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Summer vacations create lifelong memories for our kids. Traveling with children does, however, require extra precautions, especially when it comes to ensuring that your child is safe in their car seat. So we compiled the top ten car seat mistakes parents make — we want you to be smiling and happy in all your vacation photos!

Top 8 Car Seat Mistakes

Incorrect positioning. Infants should always be rear-facing and in the back seat – no exceptions. Their tiny bones can better absorb the force of a crash in that position, and their heads are less likely to flop forward and cause major spinal injuries.

Incorrect installation. Correctly installing a car seat is trickier than just following the instructions. In fact, it’s estimated that 85 percent of car seats aren’t as secure or safe as they should be. It’s an easy, free fix: Have your car seat professionally installed or checked at a local police station or highway patrol unit.

Turning the seat around too early. Car seats should be rear-facing for as long as possible – definitely until the baby is 20 pounds. After that, try not to swing them around until they reach the maximum length and weight limit, usually closer to the 2-year mark.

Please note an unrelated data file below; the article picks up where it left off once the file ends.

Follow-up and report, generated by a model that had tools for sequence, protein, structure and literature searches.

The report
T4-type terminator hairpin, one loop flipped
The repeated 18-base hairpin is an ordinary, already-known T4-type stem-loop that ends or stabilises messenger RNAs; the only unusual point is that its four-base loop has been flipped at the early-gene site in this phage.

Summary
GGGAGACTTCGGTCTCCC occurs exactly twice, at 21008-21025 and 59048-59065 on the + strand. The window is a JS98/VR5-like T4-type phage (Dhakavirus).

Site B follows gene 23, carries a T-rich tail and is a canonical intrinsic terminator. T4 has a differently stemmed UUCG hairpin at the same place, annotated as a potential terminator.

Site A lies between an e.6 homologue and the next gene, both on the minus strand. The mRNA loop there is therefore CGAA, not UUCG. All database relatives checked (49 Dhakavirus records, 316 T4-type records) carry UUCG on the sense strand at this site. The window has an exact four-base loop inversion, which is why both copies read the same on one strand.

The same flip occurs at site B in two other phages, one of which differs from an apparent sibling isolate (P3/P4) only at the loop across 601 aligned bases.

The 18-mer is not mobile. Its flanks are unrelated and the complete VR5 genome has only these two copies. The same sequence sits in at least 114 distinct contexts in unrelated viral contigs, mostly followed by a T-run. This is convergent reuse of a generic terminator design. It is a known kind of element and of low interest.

Bundling them in thick padding. Using an additional car seat cushion or a bulky coat (which could also cause overheating!) prevents the baby from being as tightly fit as possible.

The seat is too loose. There should be less than an inch of movement when you rock the car seat back and forth. If you’re having a hard time, use your knee to hold it as firmly as possible to the back seat, and then tighten the straps. Once you’re done, go and have it professionally checked because it’s probably still not tight enough.

The baby isn’t strapped in correctly. It’s not as simple as just clicking the buckle. Make sure the harness straps are thread through the slot that’s at or below the baby’s shoulders for maximum security and that there’s no slack whatsoever. You shouldn’t be able to pinch the strap when it’s tightened to your baby.

The retainer clip isn’t positioned correctly. The retainer should be centered across your baby’s chest at armpit level.

The wrong anchor is used. Check that your car has a LATCH (Lower Anchors and Tethers for Children) system, which means you can attach the car seat to metal rings behind the rear seat cushion for a tighter fit. Most cars made after 2003 are equipped with a LATCH system, but some only have the anchors for the window seat. The car seat is safest in the middle, so use the seat belt if there aren’t center anchors.

Source: Babble.com

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